Even if Assad wins, he has already lost

Posted By Mona Yacoubian  Tuesday, May 3, 2011

Six weeks into Syria‘s unprecedented unrest, it seems increasingly apparent that the key cornerstones buttressing President Bashar al Assad‘s regime — iron-fisted rule and geostrategic depth — may be irreparably damaged. While estimates are nearly impossible to confirm, the regime’s ruthless repression has reportedly left more than 500 dead. Yet, ongoing demonstrations signal that the “wall of fear” inside Syria is crumbling. Meanwhile, the regime’s crackdown is leading to Syria’s deepening isolation, undercutting its ability to leverage its role as a critical player in the region. Taken together, these developments suggest that the Assad regime may not be salvageable in the long run. It may withstand the current unrest, but the brutal tactics required to quell the demonstrations have not only destroyed any shred of legitimacy at home, but will also preempt any possibility of Western engagement. In seeking to preserve itself, the regime is laying the foundations for its ultimate undoing.

Syria is not Tunisia or Egypt. The regime’s unraveling will not occur over days or weeks with relatively limited violence. Nor is there a Syrian “Tahrir Square” or CNN’s Anderson Cooper covering the events as the world cheers on the protestors. Syria’s transformation will be far messier, marked by significant bloodshed and violence, and without the benefit of the international news media’s bright lights helping to protect the protestors. There may be little the international community can do to shape the outcome. It will not likely end for months, quite possibly much longer.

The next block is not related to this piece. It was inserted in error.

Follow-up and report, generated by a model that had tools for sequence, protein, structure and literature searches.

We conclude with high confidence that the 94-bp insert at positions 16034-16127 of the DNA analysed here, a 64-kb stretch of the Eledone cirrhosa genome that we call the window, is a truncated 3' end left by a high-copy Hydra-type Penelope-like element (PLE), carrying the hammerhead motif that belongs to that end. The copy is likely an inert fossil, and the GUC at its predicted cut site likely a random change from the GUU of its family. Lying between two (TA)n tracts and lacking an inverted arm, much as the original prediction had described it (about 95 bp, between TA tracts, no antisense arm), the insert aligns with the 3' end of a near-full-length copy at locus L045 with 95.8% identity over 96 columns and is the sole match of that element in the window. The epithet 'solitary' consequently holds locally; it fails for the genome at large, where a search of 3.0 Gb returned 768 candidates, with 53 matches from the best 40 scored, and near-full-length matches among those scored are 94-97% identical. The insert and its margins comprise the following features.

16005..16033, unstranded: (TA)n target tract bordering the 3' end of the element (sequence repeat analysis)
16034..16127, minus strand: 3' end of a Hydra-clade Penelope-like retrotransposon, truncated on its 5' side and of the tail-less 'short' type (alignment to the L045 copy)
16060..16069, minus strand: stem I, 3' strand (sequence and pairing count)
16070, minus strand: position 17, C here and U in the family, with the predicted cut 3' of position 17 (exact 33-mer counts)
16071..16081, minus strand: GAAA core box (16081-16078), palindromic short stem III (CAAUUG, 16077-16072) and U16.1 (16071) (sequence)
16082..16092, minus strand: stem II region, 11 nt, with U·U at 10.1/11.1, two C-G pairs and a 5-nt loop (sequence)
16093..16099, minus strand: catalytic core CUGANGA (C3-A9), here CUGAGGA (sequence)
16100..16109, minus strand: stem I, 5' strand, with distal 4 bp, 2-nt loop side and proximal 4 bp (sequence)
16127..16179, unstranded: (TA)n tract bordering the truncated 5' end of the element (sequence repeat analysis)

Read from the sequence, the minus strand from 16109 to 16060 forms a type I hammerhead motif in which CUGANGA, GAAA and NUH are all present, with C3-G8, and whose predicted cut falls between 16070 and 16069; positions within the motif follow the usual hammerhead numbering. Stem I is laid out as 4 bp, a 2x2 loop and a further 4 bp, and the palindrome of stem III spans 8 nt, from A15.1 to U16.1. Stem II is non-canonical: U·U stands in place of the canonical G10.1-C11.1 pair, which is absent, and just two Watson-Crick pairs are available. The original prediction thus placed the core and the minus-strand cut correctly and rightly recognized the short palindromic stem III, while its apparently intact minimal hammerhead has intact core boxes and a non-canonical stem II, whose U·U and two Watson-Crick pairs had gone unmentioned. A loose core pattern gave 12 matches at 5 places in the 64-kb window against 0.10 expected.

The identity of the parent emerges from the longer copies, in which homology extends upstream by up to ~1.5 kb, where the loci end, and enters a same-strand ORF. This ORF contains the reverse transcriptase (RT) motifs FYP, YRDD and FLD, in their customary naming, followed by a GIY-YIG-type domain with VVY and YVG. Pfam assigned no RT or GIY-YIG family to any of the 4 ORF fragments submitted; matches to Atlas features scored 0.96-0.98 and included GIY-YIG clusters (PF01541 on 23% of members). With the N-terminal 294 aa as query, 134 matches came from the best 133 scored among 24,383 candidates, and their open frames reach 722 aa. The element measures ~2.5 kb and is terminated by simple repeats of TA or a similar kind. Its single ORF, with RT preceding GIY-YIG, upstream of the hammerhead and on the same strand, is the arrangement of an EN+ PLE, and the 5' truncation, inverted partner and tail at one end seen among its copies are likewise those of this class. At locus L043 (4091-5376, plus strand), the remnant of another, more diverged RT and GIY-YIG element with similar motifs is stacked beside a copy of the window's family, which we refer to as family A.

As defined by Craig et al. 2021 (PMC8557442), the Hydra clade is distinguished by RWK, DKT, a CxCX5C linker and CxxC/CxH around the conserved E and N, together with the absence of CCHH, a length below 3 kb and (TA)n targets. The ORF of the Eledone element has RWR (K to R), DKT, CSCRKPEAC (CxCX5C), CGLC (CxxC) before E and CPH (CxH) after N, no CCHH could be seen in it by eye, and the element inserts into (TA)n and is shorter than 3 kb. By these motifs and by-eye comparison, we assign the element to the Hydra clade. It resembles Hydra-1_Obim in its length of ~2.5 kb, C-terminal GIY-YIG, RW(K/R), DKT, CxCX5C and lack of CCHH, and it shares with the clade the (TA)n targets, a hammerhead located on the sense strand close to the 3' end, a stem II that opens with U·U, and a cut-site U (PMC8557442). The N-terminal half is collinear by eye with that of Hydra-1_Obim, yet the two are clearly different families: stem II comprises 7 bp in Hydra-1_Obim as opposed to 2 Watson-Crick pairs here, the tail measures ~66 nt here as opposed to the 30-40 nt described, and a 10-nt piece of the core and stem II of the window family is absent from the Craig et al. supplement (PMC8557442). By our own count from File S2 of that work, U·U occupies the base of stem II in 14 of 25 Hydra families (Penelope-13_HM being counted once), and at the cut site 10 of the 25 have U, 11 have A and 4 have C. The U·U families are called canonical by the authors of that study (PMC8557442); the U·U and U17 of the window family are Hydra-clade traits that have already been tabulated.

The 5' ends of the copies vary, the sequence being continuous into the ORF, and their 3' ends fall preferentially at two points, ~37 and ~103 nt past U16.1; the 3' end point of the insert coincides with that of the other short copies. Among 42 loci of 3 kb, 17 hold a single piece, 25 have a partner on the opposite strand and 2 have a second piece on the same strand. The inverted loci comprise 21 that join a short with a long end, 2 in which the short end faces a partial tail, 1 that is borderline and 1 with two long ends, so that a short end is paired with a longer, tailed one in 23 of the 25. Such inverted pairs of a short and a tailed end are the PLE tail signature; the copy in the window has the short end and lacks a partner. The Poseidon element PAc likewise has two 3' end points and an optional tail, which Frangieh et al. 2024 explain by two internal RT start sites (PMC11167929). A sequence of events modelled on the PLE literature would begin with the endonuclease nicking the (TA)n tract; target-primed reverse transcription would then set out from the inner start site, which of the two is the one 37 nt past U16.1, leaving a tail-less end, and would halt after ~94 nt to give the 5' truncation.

To date, there are only limited signs that the unrest has gained critical momentum. Syria’s uprising has centered in the countryside, starting in the sleepy southern border town of Dera’a and moving to the coastal cities of Banias and Latakia. But the unrest has not rocked Aleppo, Syria’s second largest city and a stronghold of the Sunni merchant class. Nor has the capital Damascus witnessed huge protests in the tens of thousands. Despite unconfirmed reports of splits within the military, the Syrian army still appears intact and willing to obey orders….

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